Edcite touts its use as a formative assessment tool. As long as each question is carefully crafted, students get instant feedback on their answers and sometimes helpful hints based on their input. Teachers could use this tool for exit tickets and as a replacement for paper tests. It could be used for homework and to review data together with students. The more opportunities students have to practice PARCC and Smarter Balanced-type questions, the more fluent and confident they'll be on the real-life state test. Edcite is a perfect tool for building online test-taking routines and confidence, since it mimics state tests so well. Looking beyond the test prep lens, the website offers teachers a creative way to craft and track assessment data. It can reduce the laborious grading that often accompanies paper tests.
Edcite Schools is also a school and district-wide platform that allows for collaboration on common assignments throughout the school or district. Schools can then access instant data and can drum up dynamic reports to help drive instruction. Teachers can also create a profile through Edcite, curate collections of favorite assignments, and discover or follow other teachers in the community.Continue reading Show less
Edcite is trying to do one thing well: Help educators create assignments that look and feel like PARCC and Smarter Balanced tests. After creating a free account, teachers can quickly make classes and student accounts. Assignments can be pushed out to the student accounts or with a shared link. Edcite encourages teachers to share their assignments and questions with one another, and there's a large library of teacher content available that can be searched by subject, grade, or Common Core State Standard (CCSS). Teachers can remix this content or create their own assignments. The site includes built-in tools for searching Creative Commons licensed images, YouTube videos, and other multimedia materials to spice up assignments. A library of shared images is also available, and users can add their own content to any assignment.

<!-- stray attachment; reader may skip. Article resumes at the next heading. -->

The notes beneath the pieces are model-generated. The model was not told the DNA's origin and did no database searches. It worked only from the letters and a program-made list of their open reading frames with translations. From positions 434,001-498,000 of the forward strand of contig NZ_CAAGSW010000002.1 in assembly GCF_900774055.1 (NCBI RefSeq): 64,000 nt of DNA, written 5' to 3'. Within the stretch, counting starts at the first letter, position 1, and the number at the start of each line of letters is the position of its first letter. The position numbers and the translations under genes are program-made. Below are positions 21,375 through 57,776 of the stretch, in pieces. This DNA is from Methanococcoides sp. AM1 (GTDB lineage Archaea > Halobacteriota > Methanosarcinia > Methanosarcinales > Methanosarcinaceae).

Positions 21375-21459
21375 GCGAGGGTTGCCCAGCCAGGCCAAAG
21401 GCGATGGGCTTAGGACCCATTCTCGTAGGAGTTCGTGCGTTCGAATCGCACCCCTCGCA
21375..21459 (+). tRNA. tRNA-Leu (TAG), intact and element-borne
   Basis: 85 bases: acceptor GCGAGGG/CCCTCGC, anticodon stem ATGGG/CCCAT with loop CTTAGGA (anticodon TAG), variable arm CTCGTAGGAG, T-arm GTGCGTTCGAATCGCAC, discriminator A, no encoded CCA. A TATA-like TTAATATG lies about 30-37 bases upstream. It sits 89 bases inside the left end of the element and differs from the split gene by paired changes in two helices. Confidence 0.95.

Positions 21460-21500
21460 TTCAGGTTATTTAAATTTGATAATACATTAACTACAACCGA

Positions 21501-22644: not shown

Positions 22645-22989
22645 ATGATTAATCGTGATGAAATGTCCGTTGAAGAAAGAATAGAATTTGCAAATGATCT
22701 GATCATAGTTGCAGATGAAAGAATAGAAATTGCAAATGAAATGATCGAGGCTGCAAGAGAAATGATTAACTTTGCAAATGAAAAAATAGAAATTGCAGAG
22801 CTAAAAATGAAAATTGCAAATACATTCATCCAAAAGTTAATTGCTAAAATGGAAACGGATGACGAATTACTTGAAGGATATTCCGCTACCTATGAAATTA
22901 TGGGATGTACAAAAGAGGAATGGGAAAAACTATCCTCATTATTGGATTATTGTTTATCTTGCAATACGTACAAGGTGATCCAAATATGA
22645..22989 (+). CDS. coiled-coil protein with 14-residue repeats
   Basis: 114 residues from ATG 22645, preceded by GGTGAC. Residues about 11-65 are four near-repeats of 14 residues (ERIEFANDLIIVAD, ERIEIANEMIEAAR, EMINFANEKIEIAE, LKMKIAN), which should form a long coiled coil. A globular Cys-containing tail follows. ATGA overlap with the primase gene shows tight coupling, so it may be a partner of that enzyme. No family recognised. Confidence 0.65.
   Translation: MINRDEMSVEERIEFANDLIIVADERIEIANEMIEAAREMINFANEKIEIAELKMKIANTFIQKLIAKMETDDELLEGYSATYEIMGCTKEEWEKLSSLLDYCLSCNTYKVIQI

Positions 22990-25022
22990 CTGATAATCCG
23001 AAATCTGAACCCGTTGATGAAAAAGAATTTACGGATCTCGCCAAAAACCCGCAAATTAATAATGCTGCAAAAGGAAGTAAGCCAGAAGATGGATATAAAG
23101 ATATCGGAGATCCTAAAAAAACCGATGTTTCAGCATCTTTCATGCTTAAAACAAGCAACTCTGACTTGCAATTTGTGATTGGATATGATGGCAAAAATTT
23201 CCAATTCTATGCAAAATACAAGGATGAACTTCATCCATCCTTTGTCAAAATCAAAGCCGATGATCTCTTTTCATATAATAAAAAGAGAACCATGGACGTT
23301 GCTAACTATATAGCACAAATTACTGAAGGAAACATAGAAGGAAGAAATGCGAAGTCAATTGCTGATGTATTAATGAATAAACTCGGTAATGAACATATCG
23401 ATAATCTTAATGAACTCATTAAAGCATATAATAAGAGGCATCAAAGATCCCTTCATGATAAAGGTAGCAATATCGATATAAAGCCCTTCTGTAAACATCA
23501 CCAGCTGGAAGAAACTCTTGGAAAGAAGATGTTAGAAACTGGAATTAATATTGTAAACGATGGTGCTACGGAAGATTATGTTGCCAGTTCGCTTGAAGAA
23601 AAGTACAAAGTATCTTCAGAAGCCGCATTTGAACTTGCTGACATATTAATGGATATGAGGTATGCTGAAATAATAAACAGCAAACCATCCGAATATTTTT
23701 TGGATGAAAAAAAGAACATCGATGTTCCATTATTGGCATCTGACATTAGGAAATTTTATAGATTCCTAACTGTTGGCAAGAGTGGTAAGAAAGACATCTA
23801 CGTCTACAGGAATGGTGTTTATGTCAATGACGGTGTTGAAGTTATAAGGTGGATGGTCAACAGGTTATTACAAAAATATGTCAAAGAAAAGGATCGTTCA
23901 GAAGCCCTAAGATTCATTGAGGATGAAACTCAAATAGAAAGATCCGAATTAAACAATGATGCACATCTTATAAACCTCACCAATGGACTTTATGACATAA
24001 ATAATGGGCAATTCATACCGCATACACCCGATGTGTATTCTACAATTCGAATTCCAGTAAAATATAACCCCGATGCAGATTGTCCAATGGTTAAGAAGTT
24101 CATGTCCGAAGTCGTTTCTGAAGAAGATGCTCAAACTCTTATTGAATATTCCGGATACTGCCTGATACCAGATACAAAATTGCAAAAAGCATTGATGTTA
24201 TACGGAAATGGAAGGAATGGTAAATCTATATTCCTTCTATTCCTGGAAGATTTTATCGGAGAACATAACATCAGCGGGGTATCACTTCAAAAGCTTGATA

Edcite continually adds new questions types; currently, there are over twenty PARCC question types and twelve Smarter Balanced question types. Some featured question types include time telling, fractions, number lines, Venn diagrams, matching, and fill-in-the-blank. Each question type includes an example question, which can serve a useful model for creating your own questions. Most question types can include images, videos, and other multimedia content. Teachers can build in hints for students if they get the wrong answer the first time. There's also instant feedback for students' answers and teachers get an extensive reporting system.
Edcite is excellent for learning as long as teachers are willing to put in the time to create truly high-quality questions. There's definitely a danger of replicating traditional and less-engaging instructional practices, but that's the price of a tool tuned to tests. For teachers looking to do something novel, it can be a slow process to create questions, since there are so many possible question types and many required fields for each question. An upside to all this work is that questions and assignments can be easily edited and reused.
Edcite allows teachers to import classes through Google Classroom into Edcite, as well as post from Edcite into Google Classroom. An assignment dashboard gives teachers real-time data as students progress through assignments, so students can be re-directed or helped during their work. One downside is that Edcite is missing PARCC-style student tools such as text highlighting, text magnification, and the answer eliminator. A text-to-speech feature would also be a good assistive technology touch. Nonetheless, Edcite is definitely a worthy contender if creating engaging digital assessments is your thing.